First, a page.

For Immediate Release
Date: September 06, 2023


Jim Martin
(603) 271-3710

NHDES Awards Watershed Assistance Grant for Sodium Chloride-based Watershed Restoration Plan

Concord, NH –The New Hampshire Department of Environmental Services Nonpoint Source Management and Drinking Water Source Protection Programs have awarded a Watershed Assistance Grant to the Merrimack Village District for a first-of-its-kind project to develop a sodium chloride-based watershed restoration plan. 

In December 2022, NHDES issued a solicitation for projects addressing nonpoint source (NPS) pollution through the development of a NaCl (sodium chloride)-based watershed restoration plan in a priority, water supply watershed that has a documented sodium and/or chloride impairment. Projects were ranked based on criteria including a) the waterbody’s drinking water quality and severity of NaCl impairment(s); b) the level of public participation and commitment to the project; c) relative value or significance of the water body or water resources; and d) the quality of the proposal. Based on the specified selection criteria and the amount of grant funding available, the highest ranked proposal was selected for funding.

The Merrimack Village District’s (MVD) "Naticook Brook Watershed/ Litchfield Tributaries Watershed Management Plan" project was selected for a $80,000 Watershed Assistance Grant (WAG) funded through the Bipartisan Infrastructure Law (BIL) State Revolving Loan Fund program.

The MVD provides potable drinking water to approximately 9,300 customers from a series of high-capacity water supply wells, three of which are within the Naticook Brook watershed (MVD-2, MVD-3 and MVD-9). The Naticook Brook watershed contains paved roads, parking lots and other impervious surfaces that require significant winter maintenance in the form of plowing, sanding and salt application. Associated runoff and infiltration into surface and groundwater resources is causing significant salt contamination of streams, rivers, ponds, lakes and wetlands within the watershed. While all three public water supply wells in the Naticook Brook watershed have experienced increasing sodium and chloride concentrations, MVD-3 has been exceptionally impacted. Since 1992, the chloride concentrations in MVD-3 have increased by an order of magnitude. The impacts from salt runoff in this watershed has led to MVD-3 consistently being above the secondary maximum contaminant level (SMCL) for chloride (SMCL of 250 mg/L), causing the well to be taken offline as a public water supply.  

The watershed-based plan funded through this grant agreement will evaluate winter salt use throughout the Naticook Brook source water protection area to develop a sector load allocation for salt and priority-based reduction goals for surface and groundwater paired with recommended best management practices (BMPs) to be implemented to achieve reduction goals. The watershed-based plan will recommend a series of actions for project partners (municipal, state, private, commercial and/or nonprofit, etc.) with the intention of meeting the watershed-based plan salt reduction goals within ten years. This will be the first watershed-based plan in New Hampshire where sodium chloride is identified as the target pollutant impacting both surface and groundwater resources.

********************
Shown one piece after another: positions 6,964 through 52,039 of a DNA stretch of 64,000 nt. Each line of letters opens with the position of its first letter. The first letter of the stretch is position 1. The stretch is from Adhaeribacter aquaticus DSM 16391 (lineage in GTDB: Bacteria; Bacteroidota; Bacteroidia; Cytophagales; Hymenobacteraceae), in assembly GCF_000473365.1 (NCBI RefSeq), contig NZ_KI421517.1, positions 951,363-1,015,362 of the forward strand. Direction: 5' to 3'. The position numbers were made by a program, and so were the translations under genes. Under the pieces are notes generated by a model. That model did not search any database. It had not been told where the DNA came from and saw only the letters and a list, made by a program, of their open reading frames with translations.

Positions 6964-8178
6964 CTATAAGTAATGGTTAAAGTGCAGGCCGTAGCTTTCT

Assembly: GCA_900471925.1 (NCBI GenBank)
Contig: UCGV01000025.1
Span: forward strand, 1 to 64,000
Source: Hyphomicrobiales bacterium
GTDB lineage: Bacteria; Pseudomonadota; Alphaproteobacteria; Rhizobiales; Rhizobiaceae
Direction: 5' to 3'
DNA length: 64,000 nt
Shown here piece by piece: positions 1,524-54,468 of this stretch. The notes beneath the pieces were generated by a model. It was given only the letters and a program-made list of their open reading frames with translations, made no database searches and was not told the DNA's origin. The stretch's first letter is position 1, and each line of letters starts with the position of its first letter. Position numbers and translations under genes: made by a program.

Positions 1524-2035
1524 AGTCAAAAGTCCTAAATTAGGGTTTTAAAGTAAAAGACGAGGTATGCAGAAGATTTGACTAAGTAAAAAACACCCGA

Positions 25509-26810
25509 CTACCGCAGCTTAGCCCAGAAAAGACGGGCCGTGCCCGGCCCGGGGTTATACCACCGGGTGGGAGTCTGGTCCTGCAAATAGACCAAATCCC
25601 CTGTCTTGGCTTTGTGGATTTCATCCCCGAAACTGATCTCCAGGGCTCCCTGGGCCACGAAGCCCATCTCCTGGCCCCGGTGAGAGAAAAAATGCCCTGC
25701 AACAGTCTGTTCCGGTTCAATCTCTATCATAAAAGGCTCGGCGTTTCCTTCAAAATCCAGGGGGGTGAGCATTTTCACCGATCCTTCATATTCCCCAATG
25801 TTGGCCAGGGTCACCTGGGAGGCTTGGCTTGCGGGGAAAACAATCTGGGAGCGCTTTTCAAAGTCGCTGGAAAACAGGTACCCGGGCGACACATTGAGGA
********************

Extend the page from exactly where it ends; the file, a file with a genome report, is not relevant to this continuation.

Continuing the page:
In the past 50 years, winter salt application on New Hampshire roads, parking lots, sidewalks and other paved surfaces to ensure the safety of the traveling public has increased significantly. The most commonly used substance to de-ice these surfaces is rock salt, or sodium chloride (NaCl). While the use of winter salt provides New Hampshire residents with safe travel, another legacy of this long-term practice is polluted surface and groundwater throughout the state. Elevated sodium levels can affect drinking water taste and high levels of chloride are corrosive which can lead to the leaching of metals from plumbing systems. Chloride, which is toxic to aquatic life at certain thresholds, is highly soluble and mobile in groundwater. Often there is enough dilution in spring melt water to keep chlorides below impairment levels, but when dilutions are not enough, particularly in smaller streams and in lakes and ponds during summer months, surface waters become impaired and drinking water wells are abandoned due to contamination.

At this time, the only way to prevent chloride from reaching surface and groundwater is to reduce the amount applied to our roadways, parking lots and sidewalks without compromising safety. The NHDES Green SnowPro Program offers snow and ice management professionals training and certification in state of the art salt reduction practices that prioritize public safety while mitigating salt usage. Although there are over 500 Green SnowPro certified commercial salt applicators in New Hampshire, this only represents one sector contributing winter salt that impacts our freshwater resources. In areas of concentrated development and transportation hubs, chlorides are contributed to the environment through state, municipal, commercial and private snow and ice management operations.

For more information on the NHDES Watershed Assistance Grants, visit the Watershed Assistance webpage or contact the NHDES Watershed Assistance Section Supervisor, Steve Landry, at or (603) 271-2969.

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